When breathing is active, listening and speaking are improved.
Breathing is ordinarily a passive and a nonconscious act. However, breathing can be made a conscious activity and thereby energize the body for more effective learning and listening alertness.
Once active breathing is learned and practiced, we find ourselves in possession of an extraordinarily powerful technique, which includes:
- lowering blood pressure,
- calming the emotions,
- pumping the spinal fluid,
- helping the body realign itself,
- calming and controlling the thought process,
- managing stress, and enriching the sound of the voice
To begin teaching your body conscious breathing, imagine that someone hands you an extraordinary gift; you GASP in surprise and delight. Notice your mouth opens as you gasp. Now, slowly and deeply gasp. Fill your back and rib cage. Both are lifted and expanded in the act of gasping. Take a moment to fully appreciate what your upper body feels like when it is full of air. Now let the air out slowly. When your lungs are empty, take a moment to fully appreciate what your body feels like when it feels empty of air. Repeat this process until “full” and “empty” feel equally familiar.
As you become more and more familiar with feeling “full,” you will notice the following:
- Your peripheral vision increases.
- Your hearing becomes more acute.
- Your emotions begin to calm down.
- You begin to listen more actively.
Once you have become comfortable with the feeling of your body in a “full of air” position, you are ready to practice.
PRACTICING CONSCIOUS BREATHING
First, without inhaling, elevate your sternum—the breastbone, the center of the chest. This will automatically raise the rib cage and provide a more efficient breathing position. If you find that lifting your sternum without inhaling is difficult, lift both arms above your head, pointing to the ceiling. Then, careful to leave the chest where the high arms put it, lower your arms. You will find your chest much higher than it was originally, your ribs expanded farther than they were originally, and you will be conscious of your back moving. This high chest, rib expanded, shoulders-relaxed position is the one you want to maintain.
Just keeping the sternum up puts you in a more relaxed, alert, in-control physiological position. You will find yourself listening, thinking, and speaking more clearly because the body is being used more efficiently. More oxygen is reaching the brain.
The typical breathing cycle is to inhale (“full”), exhale (“empty”), pause, pause, pause. We spend a great deal of time with a minimum amount of air in our lungs—or on “empty.”
Practice slowly gasping (through your mouth) for 4 slow counts. Hold “full” for 4 counts. Slowly exhale for 4 counts. Hold “empty” for 4 counts. Repeat this process for 3 minutes. You have now learned a 3-minute “Stress Buster”!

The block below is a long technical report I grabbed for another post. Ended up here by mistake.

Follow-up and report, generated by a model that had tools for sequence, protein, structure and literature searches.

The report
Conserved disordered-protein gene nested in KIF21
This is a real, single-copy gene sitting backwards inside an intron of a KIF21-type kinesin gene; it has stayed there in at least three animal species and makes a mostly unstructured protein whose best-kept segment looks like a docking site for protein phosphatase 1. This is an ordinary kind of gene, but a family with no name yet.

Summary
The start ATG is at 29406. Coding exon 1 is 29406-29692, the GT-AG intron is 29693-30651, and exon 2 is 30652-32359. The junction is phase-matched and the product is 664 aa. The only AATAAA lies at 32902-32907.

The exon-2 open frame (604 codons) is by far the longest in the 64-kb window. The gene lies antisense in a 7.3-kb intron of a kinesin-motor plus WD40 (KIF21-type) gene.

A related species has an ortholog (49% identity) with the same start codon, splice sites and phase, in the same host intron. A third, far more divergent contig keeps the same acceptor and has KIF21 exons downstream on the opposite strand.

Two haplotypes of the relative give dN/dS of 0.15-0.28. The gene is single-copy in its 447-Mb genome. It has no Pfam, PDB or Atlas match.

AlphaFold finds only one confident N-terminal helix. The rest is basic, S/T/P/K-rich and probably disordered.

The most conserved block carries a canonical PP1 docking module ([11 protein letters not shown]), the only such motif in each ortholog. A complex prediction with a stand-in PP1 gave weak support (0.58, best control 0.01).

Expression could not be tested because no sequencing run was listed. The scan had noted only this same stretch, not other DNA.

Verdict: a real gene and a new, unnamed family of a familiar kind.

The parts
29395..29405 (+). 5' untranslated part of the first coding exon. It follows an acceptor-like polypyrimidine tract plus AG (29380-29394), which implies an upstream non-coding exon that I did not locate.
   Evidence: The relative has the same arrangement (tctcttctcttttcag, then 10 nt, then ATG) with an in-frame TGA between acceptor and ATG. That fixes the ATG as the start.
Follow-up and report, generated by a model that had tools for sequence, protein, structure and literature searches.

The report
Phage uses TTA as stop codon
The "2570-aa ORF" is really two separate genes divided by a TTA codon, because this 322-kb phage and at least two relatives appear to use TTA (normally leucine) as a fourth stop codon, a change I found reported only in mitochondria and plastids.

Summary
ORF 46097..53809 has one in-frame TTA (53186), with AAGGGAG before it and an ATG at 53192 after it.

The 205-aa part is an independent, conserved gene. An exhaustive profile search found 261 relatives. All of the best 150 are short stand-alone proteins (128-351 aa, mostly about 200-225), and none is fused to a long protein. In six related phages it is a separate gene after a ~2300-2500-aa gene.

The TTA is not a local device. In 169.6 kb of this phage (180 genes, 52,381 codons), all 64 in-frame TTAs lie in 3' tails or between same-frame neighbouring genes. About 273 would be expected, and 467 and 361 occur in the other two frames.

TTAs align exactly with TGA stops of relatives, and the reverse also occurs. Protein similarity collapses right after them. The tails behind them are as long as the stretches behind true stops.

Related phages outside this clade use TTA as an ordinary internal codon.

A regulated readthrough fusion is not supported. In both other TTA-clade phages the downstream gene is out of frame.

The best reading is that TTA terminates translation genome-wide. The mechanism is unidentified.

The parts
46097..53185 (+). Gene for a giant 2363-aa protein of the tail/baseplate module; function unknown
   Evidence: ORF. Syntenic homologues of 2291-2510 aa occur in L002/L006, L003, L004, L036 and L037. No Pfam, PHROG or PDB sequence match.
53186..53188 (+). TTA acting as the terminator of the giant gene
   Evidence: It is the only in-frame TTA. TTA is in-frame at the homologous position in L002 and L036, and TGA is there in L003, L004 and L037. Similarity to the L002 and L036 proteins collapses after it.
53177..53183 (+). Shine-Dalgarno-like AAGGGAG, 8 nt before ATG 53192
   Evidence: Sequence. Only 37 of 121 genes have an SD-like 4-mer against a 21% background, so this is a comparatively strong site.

Next, practice holding “full” for longer and longer periods of time. Begin with 5 seconds. Increase to 10 seconds. Continue increasing the amount of time you can stay “full” until you have reached 30 seconds.
Listen to a conversation, a radio program, or newscast while you practice listening on “full.” Whenever your body becomes uncomfortable with the “full” feeling, exhale to “empty” for a moment, and then inhale back to “full.”
By practicing conscious breathing and listening on “full,” you will listen more actively. increase the flow of oxygen to your brain, and lower your body’s stress. In addition, you will receive, store, and retrieve information more efficiently.
TEACHING YOUR STUDENTS
INSPIRATION—filling and holding air in the body—can dramatically increase their ability to listen and learn. The following is a simple formula to teach your students to increase their active listening skills. (Notice that this is not the 3-minute “stress buster” count.)
Once practiced, START EACH NEW ACTIVITY with the procedure.
Raise your sternum.
Inhale for 4 counts.
Stay “full” for 8 counts.
Exhale for 2 counts.
In for 4.
Hold for 8.
Out for 2..
SAVING AND IMPROVING A TEACHER’S VOICE
Teachers rely mostly on the voice to communicate. Overuse of the voice is a common problem for classroom teachers.
Using the active breathing approach of gasping and SPEAKING ON FULL reduces strain on the voice while simultaneously making the voice more resonant.
As a player of the great highland bagpipes, I have learned that to keep the skirl of the pipes constant and consistent, the bag must be full at all times. The fuller the bag, the easier the play! So it is with the human voice. The fuller the lungs, the less strain on the vocal chords.
When gasping, the larynx automatically lowers—thereby releasing tension in the throat. In addition, speaking on “full” holds the vocal chords tight, thereby reducing stress on them when vocalizing.